-I got this book partly because it bears similarities to the novel that I’m writing and I wanted to know just how close they are. But! Relief, they aren’t that similar. (WHEW!) This novel was so fun, so easy to read that I flew through it. I will definitely read it again.


A Little Princess by Frances Hodson Burnett – When Sara Crewe is taken to her first boarding school in England, it is far from the life she knew with her father in India. But as she is an exceptionally bright and imaginative child, she makes friends – and enemies – quickly. But when news comes that her father has died, leaving her destitute, she is devastated. The matron, Miss Minchin, forces her to work as a scullery maid. But Sara dreams that her fortunes will change again, and they do, in a very unexpected way.

– I enjoyed this story so much and it’s going on the ‘I can’t believe I’d never read it’ list. I liked the moral lessons in it and just fell in love with Becky. ( I have a thing for side characters). As a children’s classic, this is a great book for a younger – and older -audience. Another great story by Burnett is Little Lord Fauntleroy


Shadowfell by Juliet Marillier (book #1) and The Caller (book #2) – A separate review will be up when I read the third book! It’s waiting on my shelf and I can’t wait to start it! This series has been so good – and so engrossing.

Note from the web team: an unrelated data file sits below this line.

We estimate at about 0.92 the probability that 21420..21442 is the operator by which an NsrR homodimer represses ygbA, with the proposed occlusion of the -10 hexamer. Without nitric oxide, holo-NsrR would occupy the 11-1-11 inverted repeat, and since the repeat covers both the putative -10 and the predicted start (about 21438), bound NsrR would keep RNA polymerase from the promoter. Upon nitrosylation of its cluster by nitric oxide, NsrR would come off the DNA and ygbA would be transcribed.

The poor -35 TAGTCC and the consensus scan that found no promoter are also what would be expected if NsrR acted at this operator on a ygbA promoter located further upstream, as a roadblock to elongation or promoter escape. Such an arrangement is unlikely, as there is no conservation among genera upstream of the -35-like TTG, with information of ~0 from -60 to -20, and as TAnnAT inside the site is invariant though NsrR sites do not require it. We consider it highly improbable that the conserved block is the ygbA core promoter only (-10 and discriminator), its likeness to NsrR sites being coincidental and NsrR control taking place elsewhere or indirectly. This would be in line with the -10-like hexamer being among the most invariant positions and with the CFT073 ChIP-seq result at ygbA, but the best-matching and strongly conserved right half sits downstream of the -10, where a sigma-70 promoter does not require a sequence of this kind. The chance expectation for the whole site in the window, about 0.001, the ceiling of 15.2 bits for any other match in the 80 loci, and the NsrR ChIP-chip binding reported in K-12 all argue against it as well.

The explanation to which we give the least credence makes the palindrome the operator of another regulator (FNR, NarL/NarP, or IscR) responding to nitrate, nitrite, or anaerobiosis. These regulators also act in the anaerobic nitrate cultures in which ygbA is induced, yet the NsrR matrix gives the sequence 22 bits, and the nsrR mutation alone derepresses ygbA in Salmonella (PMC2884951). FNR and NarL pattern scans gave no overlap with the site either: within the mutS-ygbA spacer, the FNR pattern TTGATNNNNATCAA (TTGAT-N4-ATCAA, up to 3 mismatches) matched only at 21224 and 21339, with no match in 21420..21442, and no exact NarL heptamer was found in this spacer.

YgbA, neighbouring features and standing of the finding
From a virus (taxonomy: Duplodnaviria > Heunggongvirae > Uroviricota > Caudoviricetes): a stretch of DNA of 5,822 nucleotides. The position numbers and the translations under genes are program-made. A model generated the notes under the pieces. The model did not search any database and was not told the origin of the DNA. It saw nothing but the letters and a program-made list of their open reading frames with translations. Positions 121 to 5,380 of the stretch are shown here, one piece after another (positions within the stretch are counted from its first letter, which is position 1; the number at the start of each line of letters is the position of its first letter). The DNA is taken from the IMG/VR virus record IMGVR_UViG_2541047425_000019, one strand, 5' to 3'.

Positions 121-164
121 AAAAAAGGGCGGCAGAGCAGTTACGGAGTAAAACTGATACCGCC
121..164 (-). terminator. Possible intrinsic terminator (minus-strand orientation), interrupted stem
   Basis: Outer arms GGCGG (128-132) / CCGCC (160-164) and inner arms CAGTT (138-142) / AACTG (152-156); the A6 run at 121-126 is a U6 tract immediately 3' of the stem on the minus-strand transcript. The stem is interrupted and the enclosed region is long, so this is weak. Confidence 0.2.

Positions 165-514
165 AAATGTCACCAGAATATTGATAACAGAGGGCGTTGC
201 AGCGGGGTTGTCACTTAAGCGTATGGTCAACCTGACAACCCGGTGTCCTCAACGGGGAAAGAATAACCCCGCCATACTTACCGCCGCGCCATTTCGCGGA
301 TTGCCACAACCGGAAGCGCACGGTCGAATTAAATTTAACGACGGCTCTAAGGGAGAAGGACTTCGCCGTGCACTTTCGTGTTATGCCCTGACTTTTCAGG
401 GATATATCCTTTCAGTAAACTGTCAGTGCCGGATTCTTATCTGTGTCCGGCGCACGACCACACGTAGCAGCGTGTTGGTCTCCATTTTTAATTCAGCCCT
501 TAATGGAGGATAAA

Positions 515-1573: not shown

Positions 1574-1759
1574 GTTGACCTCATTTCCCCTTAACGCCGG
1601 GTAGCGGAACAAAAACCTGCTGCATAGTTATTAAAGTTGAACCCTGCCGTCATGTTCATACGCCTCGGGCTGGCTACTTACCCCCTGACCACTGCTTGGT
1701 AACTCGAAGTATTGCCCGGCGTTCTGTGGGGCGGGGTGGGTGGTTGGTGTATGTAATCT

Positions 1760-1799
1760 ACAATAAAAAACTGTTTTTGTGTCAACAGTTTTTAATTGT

A Yellow Journalist by Miriam Michelson – The newspaper world was a male-dominated field in the early 1900’s but a young and pretty female reporter enters into it with courage. She does whatever it takes to get the story – be it climbing a high ledge or acting as a blushing bride – and proves that she’s the best.

– This story was unlike any I’d read. It was highly amusing and I laughed out loud often. I did have a hard time keeping track of all the characters but that didn’t ruin it for me. As it was printed in 1905, and was about that era, it was perfect as research material for me for my own novel. Double win.


Chronicles of Narnia by C.S. Lewis – click the link to read all about this wonderful series!


Currently Reading:

Amazing Grace: William Wilberforce and the Heroic Campaign to End Slavery

Biblically Kosher: A Messianic Jewish Perspective on Kashrut  by Aaron Eby

The Vigilante’s Bride by Yvonne Harris


To-read :

Raven Claw by Juliet Marillier (book #3 of Shadowfell)

Dear Theo by Vincent Van Gogh

Whispers on the Moors series by Sarah E. Ladd



What are you currently reading? Do any of these sound good to you?



Book Review – For Women Only and For Men Only

26 Jan